Like, for instance, Dalvi confessed he had no written record of his interrogation -- which he said, had been done separately -- of Rai, on some days:

Pasbola: "On August 22-23, did you make a record of your interrogation of Shyamvar Rai?"

Dalvi, shaking his head: "No."

But 15 minutes earlier Pasbola asked: "On August 22, did you record the statement of the accused?"

Dalvi: "Ho (Yes)."

Given that Rai spent several days at the Khar police station in police custody -- August 21, 22, 23, 24 and perhaps beyond -- after his arrest on August 21, being interrogated by Dalvi and his colleagues, Pasbola delved into what went on during those days to get a sense of the truth.

Pasbola: "Did the accused show any remorse?"

Dalvi: "Aathvath nahi (I cannot remember)."

Pasbola: "At the time, did you ask the accused if he was ready to confess before a magistrate?"

Dalvi: "No."

Pasbola: "Was a statement from Shyamvar Rai recorded on 24/8?"

Dalvi: "A statement was recorded on 24/8. I was not present."

Pasbola: "Did you interrogate Shyamvar Rai on 24/8?"

Dalvi: "Yes on 24/8, I interrogated Shyamvar Rai."

Pasbola: "You did not find it necessary to take down his statement?"

Dalvi: "I think Dinesh Kadam (his senior at Khar police station) did?"

Pasbola: "On August 23-24, did the accused again give a confession?"

Dalvi: "Aathvath nahi."

Further, Dalvi stated that he could not recall the duration of his interrogations of Rai and it was not entirely clear, through Pasbola's querying, on which of these days he conducted an interrogation himself.

He did say that, for example, on August 23 he began questioning Rai at 10.30 am, but could not remember how long for.

Pasbola then moved on to examine Dalvi's participation in the search of Rai's home in Mosambi Tabela, Vakola, north west Mumbai, on August 23, 2015.

Dalvi, on the lawyer's questioning, said Rai had been asked about what objects of interest relating to the case were lying in his home, but Rai was not cooperative in supplying proper details.

Pasbola:"How long were you in the house of Shyamvar Rai?"

Dalvi: "2 to 2½ hours."

Pasbola: "Was Shyamvar Rai's wife present in the house?"

Dalvi: "Yes."

Pasbola: "When was the first time you saw Shyamvar Rai's wife?"

Dalvi: "In her home on August 23."

Pasbola: "Did you see her in the police station at any time?"

Dalvi: "Aathvath nahi."

Pasbola: "How many rooms did Rai have in his house?"

Dalvi: "One."

Pasbola: "How large a home was it?"

Dalvi: "12 feet by 15 feet."

Pasbola: "Did you take the measurements of his home?"

Dalvi: "Yes, I measured his home."

Pasbola: "Did you find any papers of agreement in Shyamvar Rai's home?"

A vacant uncomprehending look crossed Dalvi's face. But he then mentioned that Rai's driving license had already been taken earlier.

Pasbola was impatient with that answer.

Prosecutors Kavita Patil and Bharat Badami were impatient with Pasbola's line of questioning.

Judge Jagdale instructed Pasbola to more specifically spell out what documents he was asking about.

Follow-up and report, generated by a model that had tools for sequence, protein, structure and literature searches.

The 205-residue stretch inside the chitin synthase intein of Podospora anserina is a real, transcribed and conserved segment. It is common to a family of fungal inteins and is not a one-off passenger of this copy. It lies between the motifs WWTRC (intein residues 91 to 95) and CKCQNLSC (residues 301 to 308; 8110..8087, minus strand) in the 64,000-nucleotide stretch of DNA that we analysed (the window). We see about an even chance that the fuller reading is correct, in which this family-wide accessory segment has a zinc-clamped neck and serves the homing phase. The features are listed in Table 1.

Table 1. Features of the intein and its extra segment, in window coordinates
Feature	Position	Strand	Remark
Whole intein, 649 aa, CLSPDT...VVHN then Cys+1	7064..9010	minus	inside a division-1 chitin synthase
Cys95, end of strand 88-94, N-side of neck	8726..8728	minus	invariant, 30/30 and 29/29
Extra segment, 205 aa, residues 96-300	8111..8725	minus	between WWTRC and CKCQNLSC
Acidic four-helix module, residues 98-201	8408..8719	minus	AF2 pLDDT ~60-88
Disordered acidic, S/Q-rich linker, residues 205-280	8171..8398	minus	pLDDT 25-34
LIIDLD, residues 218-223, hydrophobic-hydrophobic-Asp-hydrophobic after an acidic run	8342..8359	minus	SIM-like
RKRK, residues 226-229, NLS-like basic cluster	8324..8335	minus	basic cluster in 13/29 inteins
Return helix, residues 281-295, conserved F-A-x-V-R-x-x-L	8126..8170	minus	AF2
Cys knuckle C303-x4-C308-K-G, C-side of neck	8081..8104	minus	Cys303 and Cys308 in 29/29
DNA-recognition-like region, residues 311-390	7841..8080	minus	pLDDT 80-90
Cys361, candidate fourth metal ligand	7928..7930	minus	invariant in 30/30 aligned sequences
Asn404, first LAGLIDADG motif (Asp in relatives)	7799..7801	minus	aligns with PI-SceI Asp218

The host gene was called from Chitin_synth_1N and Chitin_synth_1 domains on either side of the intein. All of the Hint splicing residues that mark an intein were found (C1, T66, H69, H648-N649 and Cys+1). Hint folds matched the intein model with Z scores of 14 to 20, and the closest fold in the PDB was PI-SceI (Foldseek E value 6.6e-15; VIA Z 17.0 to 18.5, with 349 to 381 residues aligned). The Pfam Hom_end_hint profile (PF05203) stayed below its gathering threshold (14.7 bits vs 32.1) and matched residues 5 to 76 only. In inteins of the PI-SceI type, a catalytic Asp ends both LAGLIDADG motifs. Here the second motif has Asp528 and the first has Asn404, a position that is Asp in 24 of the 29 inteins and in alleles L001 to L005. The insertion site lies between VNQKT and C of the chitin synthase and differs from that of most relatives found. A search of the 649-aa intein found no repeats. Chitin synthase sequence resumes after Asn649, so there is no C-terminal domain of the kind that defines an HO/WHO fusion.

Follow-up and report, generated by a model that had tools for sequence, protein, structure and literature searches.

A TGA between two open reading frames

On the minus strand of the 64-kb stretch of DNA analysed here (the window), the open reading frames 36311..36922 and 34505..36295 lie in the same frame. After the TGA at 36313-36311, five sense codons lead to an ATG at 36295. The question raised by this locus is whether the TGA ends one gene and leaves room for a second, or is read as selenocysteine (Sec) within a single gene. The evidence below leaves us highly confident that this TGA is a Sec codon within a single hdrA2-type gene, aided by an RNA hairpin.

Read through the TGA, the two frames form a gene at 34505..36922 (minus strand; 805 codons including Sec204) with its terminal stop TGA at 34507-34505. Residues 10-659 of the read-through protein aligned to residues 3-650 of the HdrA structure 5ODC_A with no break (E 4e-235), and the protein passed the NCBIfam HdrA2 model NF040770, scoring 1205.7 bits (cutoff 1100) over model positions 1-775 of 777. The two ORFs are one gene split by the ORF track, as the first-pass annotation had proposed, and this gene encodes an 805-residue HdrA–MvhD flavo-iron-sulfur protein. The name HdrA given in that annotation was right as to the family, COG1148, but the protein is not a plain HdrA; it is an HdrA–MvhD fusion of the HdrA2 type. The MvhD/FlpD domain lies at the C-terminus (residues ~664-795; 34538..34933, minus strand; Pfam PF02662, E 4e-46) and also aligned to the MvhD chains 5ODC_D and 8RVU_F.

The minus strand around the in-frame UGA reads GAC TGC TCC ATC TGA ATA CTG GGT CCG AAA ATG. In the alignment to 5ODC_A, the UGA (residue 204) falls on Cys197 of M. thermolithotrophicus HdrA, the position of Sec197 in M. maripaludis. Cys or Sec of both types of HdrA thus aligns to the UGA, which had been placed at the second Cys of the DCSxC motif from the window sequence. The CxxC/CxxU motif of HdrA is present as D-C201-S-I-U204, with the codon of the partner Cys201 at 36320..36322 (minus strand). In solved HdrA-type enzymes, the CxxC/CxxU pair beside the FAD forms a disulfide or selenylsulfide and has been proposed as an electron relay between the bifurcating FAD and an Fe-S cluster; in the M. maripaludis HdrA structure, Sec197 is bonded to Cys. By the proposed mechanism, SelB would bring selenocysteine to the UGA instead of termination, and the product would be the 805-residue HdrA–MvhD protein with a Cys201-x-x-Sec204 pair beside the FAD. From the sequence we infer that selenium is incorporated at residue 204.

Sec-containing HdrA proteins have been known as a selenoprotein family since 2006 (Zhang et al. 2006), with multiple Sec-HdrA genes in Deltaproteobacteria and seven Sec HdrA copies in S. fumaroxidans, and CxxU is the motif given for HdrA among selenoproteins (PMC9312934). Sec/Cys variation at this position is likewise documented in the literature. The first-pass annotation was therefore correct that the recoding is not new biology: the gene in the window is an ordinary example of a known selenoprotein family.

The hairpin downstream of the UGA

Pasbola trying again: "Did you find any papers of agreement, affidavits, house rent receipts in the house of Shyamvar Rai at Mosambi Tabela? Documents of tenancy?"

Dalvi: "Aathvath nahi."

Pasbola: "Did you find a mobile or SIM cards or the khoka (box) of a mobile phone?"

Dalvi: "No."

Pasbola: "Any personal documents?"

Judge Jagdale again: "If you ask specifically he will say."

Pasbola: "PAN cards, bank pass books?"

Dalvi: "No."

Pasbola: "In the drawers?"

Badami sharply: "He has already said. Why are you now asking about drawers?"

Pasbola: "Did you ask him about his brothers and sisters. And where they lived?"

Dalvi: "Aathvath nahi."

Pasbola then began to ask Dalvi about the panchnama that took place at Rai's home. For the second panchnama two panchas (the witnesses required for a panchnama) were called.

The lawyer narrowly questioned Dalvi about who these panchas were.

Were they panchas known to the Khar police station and had they acted before in cases for the Khar police station?

Did they live near the Khar police station? Did Dalvi ask the panchas if they had any connection with the Khar police station?

Dalvi had just one standard answer each time.

"Aathvath nahi."

Pasbola enquired if a statement was taken from Rai's wife Sharda in the panchnama. If she had signed the panchnama. And if a copy of the panchnama was given to Rai. And to her.

Was it entered in the Khar police station diary that a copy of the panchnama was given to Rai?

Dalvi said Sharda Shyamvar Rai had spoken to his colleagues.

About the rest, Dalvi, strangely, and crucially, said he could not remember and backtracked to say he had. But added that he had not given a copy of the panchnama to Rai's wife.

Pasbola asked: "Tumhala vaatla nahi ka ki tya lady la tevha copy dyayla pahije hoti? (You did not think that the lady should be given a copy then?)."

Dalvi did not reply.

Mumbai police guidelines clearly state: 'An accused/a person whose premise has been searched, must get a copy of the panchnama.'